Why it matters: Researchers from EPFL's Laboratory of Applied Photonics Devices (LAPD) in Switzerland have developed a groundbreaking 3D-printing method that could upend an entire industry.

Conventional 3D printing involves building an object from the ground up, layer by layer, through a process known as additive manufacturing. It's effective, but also quite tedious and the resolution, or level of detail, usually isn't all that great.

This new technique is based on the principles of tomography. It starts with a vat of transparent liquid - either liquid plastic or a biological gel, depending on the desired output - that gets inserted into the printer. It starts spinning and, almost as if by magic, the object starts to appear in the container. In about 30 seconds, it's all done.

Damien Loterie, CEO of Readily3D (the company set up to help develop and market the technology), said it's all about the light. A laser is used to harden the liquid in the vat through a process called polymerization. "Depending on what we're building, we use algorithms to calculate exactly where we need to aim the beams, from what angles, and at what dose," he added.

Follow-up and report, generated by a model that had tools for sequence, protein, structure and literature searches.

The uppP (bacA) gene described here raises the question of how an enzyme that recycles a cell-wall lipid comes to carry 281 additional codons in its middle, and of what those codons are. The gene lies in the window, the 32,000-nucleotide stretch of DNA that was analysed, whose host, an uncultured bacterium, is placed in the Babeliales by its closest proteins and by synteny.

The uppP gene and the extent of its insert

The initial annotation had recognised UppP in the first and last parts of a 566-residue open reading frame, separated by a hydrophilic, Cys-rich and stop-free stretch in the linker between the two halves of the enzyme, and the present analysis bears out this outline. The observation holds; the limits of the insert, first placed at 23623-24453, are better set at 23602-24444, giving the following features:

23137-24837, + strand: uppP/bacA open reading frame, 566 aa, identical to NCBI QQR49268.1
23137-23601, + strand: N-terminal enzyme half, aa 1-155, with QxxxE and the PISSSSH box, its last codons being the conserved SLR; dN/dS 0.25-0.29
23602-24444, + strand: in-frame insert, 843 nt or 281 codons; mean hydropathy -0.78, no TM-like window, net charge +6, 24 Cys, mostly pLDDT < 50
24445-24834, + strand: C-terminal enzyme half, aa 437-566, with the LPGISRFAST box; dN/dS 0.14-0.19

At present, the new technique can make two-centimeter objects with a precision of 80 micrometers, or the diameter of hair. In the future, however, they expect to be able to print structures up to 15 centimeters.

Potential use cases are aplenty. Christophe Moser, head of the LAPD, said it could be handy in creating small silicone or acrylic parts that don't need finishing after printing. There's also promise in the fields of medicine and biology as it could be used for soft objects like hearing aids and mouthguards.